Academic journal article Issues in Informing Science & Information Technology

E-Textbooks Are Coming: Are We Ready?

Academic journal article Issues in Informing Science & Information Technology

E-Textbooks Are Coming: Are We Ready?

Article excerpt

Introduction

The textbook is the most widely used instructional material for content dissemination. A traditional textbook is a professionally printed four-color hard-bound book. However, textbook options have expanded via digital content and electronic delivery mechanisms. Many believe that electronic textbooks are poised to become prevalent in the college classroom. Proponents readily cite the advantages of e-textbooks: widespread accessibility, interactivity, increased visual appeal and dynamic linking to supplemental materials. However, for educators, assessing the pedagogical value of e-textbooks is essential. This paper explores the current state of the e-textbook market, examines the issues surrounding adoption of e-textbooks in higher education and compares student performance in two sections of an online course, one using an e-text and another using a paper-based text. The digital age is transforming the textbook market and more and more content is being made available in electronic formats. Further, external pressures are driving a movement toward the adoption of electronic textbooks as a way to cut costs. However, the educational benefit of employing e-textbooks has yet to be established. More research and faculty involvement in assessing these resources is needed.

E-Textbook Market and Demand

Electronic textbooks have been on the market for more than a decade. Today, most popular textbook titles are available electronically. However, the adoption of the electronic text in higher education has been slow to materialize. The 2010 Campus Computing Project, which tracks information technology in American higher education, reported that electronic texts were used in 3.5% of classes with market research reporting that e-textbook purchases accounted for only 2% of textbook sales in 2009 (Kolowich, 2010). While many campuses are experimenting with various e-text options and many college bookstores are offering an e-text alternative, no definitive upward trend in adoption has emerged. Some predict that this is about to change. The latest Simba Information report, E-textbooks in Higher Education (2010) predicts that that the e-text market will grow at a rate of 49% through 2013 when e-texts will account for 11% of all textbooks sold. The report attributes the sudden upswing in e-textbook sales to the explosive growth of e-reader devices and e-book apps for smaller computing devices such as tablet PCs and Apple's iPad. The results of the 2010 Campus Computing Survey support this prediction. More than 86% of the respondents agreed that e-book content and e-book readers will be important components of the instructional resource arena in five years (Campus Computing Project, 2010).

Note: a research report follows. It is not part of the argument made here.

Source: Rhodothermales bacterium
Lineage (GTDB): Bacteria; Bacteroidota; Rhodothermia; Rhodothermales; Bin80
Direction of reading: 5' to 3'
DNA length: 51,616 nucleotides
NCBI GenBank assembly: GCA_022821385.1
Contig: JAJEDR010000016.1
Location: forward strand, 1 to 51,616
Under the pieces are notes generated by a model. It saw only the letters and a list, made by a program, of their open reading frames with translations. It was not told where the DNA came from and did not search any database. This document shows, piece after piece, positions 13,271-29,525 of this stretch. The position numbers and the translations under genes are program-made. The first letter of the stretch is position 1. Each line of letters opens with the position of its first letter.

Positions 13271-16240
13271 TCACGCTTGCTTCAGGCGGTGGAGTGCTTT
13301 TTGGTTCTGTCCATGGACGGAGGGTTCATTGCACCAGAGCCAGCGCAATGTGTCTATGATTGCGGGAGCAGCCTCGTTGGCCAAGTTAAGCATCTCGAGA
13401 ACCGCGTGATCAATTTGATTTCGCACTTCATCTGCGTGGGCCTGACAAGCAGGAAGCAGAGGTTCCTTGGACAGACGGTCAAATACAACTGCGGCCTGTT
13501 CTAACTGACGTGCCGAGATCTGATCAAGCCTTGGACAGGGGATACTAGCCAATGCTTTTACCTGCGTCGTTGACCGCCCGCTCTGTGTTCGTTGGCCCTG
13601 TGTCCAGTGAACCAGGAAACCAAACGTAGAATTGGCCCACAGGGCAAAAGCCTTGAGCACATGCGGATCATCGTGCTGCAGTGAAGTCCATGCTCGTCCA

Cost is the primary driver of the e-textbook market. Textbook price increases have been staggering. The average price of a textbook rose 186% between 1986 and 2005 (Young, 2010) and for the last three years, prices have increased an average of 7.5% per year (Boroughs, 2010). According to the College Board's 2010 annual survey of the trends in college pricing, the average pubic university student spends US$1122 a year on course materials. Some campuses have even reported that the cost of textbooks has exceeded the cost of tuition (Young, 2010). In the United States, the issue has become political. The Chairman of the U.S. House of Representatives Committee on Education and Workforce cites that the committee receives more mail about textbook prices than any other issue. While federal legislation has not been written, the committee is investigating ways in which textbooks can be made more affordable, and university faculty and administrators are being encouraged to participate in these endeavors (Powers, 2006).

Electronic texts are generally cheaper to produce than printed texts (Baumann, 2010). The National Association of College Stores (NACS) tracks the breakdown of hard-copy textbook costs. Approximately 22. …

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